Longtime Dallas County Commissioner John Wiley Price was arrested Friday and charged with taking $950,000 in bribes in what prosecutors say was a scheme to use his position on the commissioner's court to enrich himself.
A 13-count indictment unsealed Friday names Price, his longtime chief of staff Dapheny Elaine Fain and two political consultants, Kathy Louise Nealy and Christian Lloyd Campbell.
Price and Nealy are accused of conspiracy to commit bribery, mail fraud and tax evasion. Campbell is accused of participating in the conspiracy.
Price and Fain are accused of running a business that provided Price with another $133,000 that was never reported on income taxes.
In total, Price is accused of receiving around $1,150,000 in bribes and other taxable income from several sources that was concealed or disguised, according to the indictment.
Price, 64, was arrested at about 8 a.m. Friday. His associates were also placed into federal custody and held until a 1 p.m. hearing, where they all pleaded not guilty. All four were then released on personal recognizance.
As he left the courthouse Friday, Price would only say that he was not guilty and was ready to get back to work.
Price will remain in office unless he is convicted in the case.
U.S. Attorney Sarah R. Saldana said at a Friday morning news conference that during a decade-long scheme, Price's two political consultants, Nealy and Campbell, provided him with money, cars and land. In exchange for the bribes, Price voted in favor of lucrative contracts before the commissioners court that were proposed by the consultants' clients, Saldana said.
The payout for Price, according to Saldana: More than $447,000 in cash and checks, the use of a new Chevy Avalanche every four years, nearly $200,000 from property secretly bought for Price and a BMW 645Ci convertible, including insurance, worth $191,000.
"These types of actions can diminish the public's trust and cost taxpayers money and resources," said Diego Rodriguez, the special agent in charge of the FBI's Dallas office.
NBC 5 obtained the unsealed indictment Friday morning and outlined the 13 counts against Price, Fain, Nealy and Campbell below:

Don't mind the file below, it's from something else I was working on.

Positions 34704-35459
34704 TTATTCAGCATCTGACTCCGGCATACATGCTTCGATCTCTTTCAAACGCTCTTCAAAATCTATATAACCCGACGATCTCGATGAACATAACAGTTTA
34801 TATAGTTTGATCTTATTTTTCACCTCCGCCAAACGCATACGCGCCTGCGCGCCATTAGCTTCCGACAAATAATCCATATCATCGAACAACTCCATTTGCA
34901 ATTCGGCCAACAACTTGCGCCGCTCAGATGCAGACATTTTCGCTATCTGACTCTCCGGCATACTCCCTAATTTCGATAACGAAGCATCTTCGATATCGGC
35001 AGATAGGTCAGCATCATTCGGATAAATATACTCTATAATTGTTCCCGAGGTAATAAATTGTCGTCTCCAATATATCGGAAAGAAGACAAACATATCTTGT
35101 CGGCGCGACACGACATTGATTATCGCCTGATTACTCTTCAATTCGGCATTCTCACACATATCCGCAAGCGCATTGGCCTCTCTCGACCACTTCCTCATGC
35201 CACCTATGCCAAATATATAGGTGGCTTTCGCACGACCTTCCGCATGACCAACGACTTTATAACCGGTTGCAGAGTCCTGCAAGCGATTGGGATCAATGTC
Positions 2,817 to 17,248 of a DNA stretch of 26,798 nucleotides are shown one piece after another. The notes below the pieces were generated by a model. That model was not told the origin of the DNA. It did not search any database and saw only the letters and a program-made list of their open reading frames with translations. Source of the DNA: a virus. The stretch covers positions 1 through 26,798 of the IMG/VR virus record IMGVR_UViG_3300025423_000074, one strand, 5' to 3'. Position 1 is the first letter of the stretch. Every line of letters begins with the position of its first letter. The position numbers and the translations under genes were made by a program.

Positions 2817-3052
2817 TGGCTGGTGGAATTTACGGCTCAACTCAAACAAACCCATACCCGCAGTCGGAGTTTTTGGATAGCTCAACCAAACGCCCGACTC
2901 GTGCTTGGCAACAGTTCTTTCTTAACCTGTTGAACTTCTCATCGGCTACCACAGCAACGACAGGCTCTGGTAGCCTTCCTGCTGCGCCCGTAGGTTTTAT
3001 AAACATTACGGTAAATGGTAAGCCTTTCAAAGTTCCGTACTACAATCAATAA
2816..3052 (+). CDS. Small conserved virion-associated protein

- Count 1 — Conspiracy to commit bribery concerning a local government receiving federal benefits by Price, Nealy and Campbell. The maximum penalty is five years in prison and a $250,000 fine.
- Counts 2-7 — Deprivation of honest services by mail fraud and aiding and abetting by both Price and Nealy. The maximum penalty is 20 years in prison and a $250,000 fine.
- Count 8 — Conspiracy to defraud the Internal Revenue Service by Price, Nealy and Fain. The maximum penalty is five years in prison and a $250,000 fine.
- Counts 9-11 — Subscribing to a false and fraudulent U.S. individual income tax return for the years 2007, 2008 and 2009. According to the indictment, Price reported income of $104,770 in 2007, $109,124 in 2008 and $109,758 in 2009. Investigators said in each year Price "received additional substantial income." The maximum penalty is three years in prison and a $250,000 fine.
- Count 12 — Attempt to evade or defeat payment of tax by Nealy. The maximum penalty is five years in prison and a $250,000 fine.
- Count 13 — False statement by Fain. The maximum penalty is five years in prison and a $250,000 fine.
The FBI raided Price’s office and home three years ago and made its corruption investigation public.
Recently, NBC 5 reporter Scott Gordon tried to question Price about the investigation and was nearly run over.
FBI agents had laid out various allegations against Price —including bribery, tax fraud, bankruptcy fraud and money laundering — in previously released court documents.
Until Friday's arrest and indictment, however, no charges had been filed after the June 2011 high-profile raids.
Reaction to Price's arrest has been mixed, as some elected officials offer support while others hope justice is served, should corruption be proven.
Price, the first black member of the Dallas County Commissioner's Court, is the body's longest-tenured member, having served since taking office Jan. 1, 1985. He is affectionately known as "Our Man Downtown" and is often been a controversial and polarizing figure in Dallas County politics.
NBC 5's Ken Kalthoff and Scott Gordon contributed to this report.